Why haven't ugly and dumb people been eliminated be evolution ? Why do they still exist despite Charles Darwin theory of natural selection.

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    $\begingroup$ This is essentially a duplicate of Why do some bad traits evolve, and good ones don't? $\endgroup$ – p.s.w.g Mar 6 '17 at 16:57
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    $\begingroup$ Perhaps alcohol? $\endgroup$ – canadianer Mar 6 '17 at 18:06
  • $\begingroup$ "Ugliness" and "beauty" are not determined by two distinct genes. Environment also shapes body development. Fingerprints are heritable to a degree, but are largely shaped in utero by environment and the pressure exerted on them. Drinking alcohol during pregnancy can produce fetal alcohol syndrome, leaving "abnormal" features on the infant. Traits with low heritability can't be selected so easily, only genes that predispose to developing those traits. $\endgroup$ – user38945 Nov 28 '18 at 11:31
  • $\begingroup$ Selection isn't the only evolutionary force. Genetic drift, where traits get fixed or eliminated by chance also occurs. Not everything in biology has to do with adaptation. $\endgroup$ – user38945 Nov 28 '18 at 11:35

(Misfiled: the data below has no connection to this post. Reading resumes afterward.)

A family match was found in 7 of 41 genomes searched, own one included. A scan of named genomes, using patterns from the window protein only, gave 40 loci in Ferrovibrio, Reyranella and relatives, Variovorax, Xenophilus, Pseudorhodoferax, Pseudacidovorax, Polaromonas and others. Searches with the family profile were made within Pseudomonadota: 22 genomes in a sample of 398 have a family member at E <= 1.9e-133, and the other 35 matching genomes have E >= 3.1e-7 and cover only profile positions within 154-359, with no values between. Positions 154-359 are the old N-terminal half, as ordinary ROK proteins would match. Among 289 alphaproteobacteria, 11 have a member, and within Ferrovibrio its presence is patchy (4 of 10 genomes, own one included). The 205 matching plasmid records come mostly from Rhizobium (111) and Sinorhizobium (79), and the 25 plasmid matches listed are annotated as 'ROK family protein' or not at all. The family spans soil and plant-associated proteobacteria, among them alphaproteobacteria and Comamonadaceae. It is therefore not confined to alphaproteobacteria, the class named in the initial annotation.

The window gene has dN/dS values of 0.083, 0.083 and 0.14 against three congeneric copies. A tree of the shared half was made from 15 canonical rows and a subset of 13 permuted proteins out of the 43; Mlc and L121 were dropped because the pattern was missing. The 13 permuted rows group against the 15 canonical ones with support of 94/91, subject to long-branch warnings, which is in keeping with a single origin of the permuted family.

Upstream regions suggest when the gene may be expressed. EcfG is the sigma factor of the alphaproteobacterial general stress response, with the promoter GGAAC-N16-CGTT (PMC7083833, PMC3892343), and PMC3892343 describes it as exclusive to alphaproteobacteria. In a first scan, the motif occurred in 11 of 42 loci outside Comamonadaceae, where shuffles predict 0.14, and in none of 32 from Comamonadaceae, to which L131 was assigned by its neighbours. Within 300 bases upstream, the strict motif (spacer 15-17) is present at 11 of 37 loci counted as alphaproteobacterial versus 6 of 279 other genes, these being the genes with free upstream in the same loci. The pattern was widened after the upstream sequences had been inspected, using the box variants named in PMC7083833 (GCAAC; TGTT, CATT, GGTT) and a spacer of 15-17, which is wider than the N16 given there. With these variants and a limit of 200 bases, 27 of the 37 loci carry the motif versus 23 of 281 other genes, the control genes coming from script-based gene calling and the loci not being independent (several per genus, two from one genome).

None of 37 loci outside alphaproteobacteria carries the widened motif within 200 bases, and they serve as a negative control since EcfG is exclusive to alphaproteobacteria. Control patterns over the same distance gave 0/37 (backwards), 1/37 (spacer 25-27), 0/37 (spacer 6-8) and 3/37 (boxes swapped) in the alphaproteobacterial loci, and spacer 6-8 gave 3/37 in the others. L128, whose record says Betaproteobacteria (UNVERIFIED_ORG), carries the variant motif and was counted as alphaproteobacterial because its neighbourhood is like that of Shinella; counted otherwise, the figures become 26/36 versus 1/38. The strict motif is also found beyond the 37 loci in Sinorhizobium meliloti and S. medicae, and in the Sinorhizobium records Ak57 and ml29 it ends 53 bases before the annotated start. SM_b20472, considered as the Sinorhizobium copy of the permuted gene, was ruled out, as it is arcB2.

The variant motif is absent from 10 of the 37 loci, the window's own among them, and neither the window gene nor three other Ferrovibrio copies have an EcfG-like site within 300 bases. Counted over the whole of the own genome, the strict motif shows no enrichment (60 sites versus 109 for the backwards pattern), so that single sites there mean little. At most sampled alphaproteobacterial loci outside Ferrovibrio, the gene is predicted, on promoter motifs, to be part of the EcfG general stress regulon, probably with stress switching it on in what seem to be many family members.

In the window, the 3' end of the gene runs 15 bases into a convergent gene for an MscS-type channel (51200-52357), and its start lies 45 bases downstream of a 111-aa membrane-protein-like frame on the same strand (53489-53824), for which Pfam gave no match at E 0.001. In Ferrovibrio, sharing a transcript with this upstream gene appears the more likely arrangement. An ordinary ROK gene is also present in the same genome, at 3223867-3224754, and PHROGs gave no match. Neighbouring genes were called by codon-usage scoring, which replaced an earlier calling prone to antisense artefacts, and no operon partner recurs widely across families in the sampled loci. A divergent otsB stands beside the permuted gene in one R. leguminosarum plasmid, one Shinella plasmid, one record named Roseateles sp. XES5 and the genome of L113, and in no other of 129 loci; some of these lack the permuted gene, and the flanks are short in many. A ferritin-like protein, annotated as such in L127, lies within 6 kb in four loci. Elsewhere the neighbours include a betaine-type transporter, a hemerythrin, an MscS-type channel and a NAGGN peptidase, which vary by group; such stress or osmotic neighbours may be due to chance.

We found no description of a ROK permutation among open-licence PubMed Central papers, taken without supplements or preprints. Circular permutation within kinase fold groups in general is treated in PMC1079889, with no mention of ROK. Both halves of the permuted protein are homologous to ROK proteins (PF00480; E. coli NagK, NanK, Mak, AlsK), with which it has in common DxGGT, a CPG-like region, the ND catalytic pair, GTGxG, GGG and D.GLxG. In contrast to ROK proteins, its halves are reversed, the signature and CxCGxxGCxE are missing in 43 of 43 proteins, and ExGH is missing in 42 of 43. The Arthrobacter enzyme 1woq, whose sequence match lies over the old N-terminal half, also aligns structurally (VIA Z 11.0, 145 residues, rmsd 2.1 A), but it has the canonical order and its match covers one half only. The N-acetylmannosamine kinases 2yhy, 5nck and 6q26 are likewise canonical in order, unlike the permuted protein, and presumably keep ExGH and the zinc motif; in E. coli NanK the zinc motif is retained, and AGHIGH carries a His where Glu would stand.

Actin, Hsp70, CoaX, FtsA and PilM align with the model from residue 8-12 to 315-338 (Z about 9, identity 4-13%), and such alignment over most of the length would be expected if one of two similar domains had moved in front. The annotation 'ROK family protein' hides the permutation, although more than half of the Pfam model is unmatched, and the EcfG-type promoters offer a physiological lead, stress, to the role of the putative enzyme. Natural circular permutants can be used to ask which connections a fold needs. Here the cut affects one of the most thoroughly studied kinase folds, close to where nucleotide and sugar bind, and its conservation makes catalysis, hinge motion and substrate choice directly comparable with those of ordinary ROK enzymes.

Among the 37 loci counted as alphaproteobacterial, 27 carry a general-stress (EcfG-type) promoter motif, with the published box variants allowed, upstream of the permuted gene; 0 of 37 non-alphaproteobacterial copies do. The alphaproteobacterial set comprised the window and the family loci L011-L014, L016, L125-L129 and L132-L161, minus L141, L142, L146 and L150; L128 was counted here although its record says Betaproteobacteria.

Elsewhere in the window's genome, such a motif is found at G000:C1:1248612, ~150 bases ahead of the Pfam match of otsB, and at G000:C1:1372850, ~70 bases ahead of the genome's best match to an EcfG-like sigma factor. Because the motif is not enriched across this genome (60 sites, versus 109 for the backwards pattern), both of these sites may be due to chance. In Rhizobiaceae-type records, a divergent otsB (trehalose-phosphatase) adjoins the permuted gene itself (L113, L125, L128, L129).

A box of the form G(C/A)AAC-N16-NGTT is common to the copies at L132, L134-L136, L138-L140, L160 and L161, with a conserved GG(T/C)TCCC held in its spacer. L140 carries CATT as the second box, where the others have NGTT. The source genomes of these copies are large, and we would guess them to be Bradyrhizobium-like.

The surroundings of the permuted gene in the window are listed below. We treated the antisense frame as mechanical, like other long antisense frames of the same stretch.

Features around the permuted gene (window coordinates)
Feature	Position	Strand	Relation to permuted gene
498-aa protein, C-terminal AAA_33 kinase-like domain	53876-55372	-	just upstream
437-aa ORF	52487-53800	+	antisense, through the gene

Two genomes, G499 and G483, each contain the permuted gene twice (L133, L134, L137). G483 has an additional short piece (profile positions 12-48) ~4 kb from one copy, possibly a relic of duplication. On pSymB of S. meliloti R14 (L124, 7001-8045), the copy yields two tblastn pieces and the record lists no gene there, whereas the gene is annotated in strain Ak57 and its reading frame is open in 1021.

As long as there is variation on the traits you mention, there will be one person to call those at the low extreme of the spectrum dumb or ugly. This would be true even if the average IQ was around 200. So the question really does not make much sense!

One will note that directional selection reduces genetic variance but this is quite clearly not what the OP had in mind so let's not go down this path.

On top of that you are assuming that these traits are under selection. Typically, you are assuming that higher intelligence is necessarily beneficial which might very much turn out to be wrong. As a start you can have a look at the wikipedia article on the Flynn effect or this Skeptics.SE post.

You talk about "Charles Darwin theory of natural selection" please note that our understanding of evolutionary processes is much more advanced today than Darwin's understanding. We call our theory of evolution the modern evolutionary synthesis. If you are curious to know a thing or two about what this theory says, you can have a look at Understanding Evolution for example, a free and short online introductory course to evolutionary biology from UC Berkeley.

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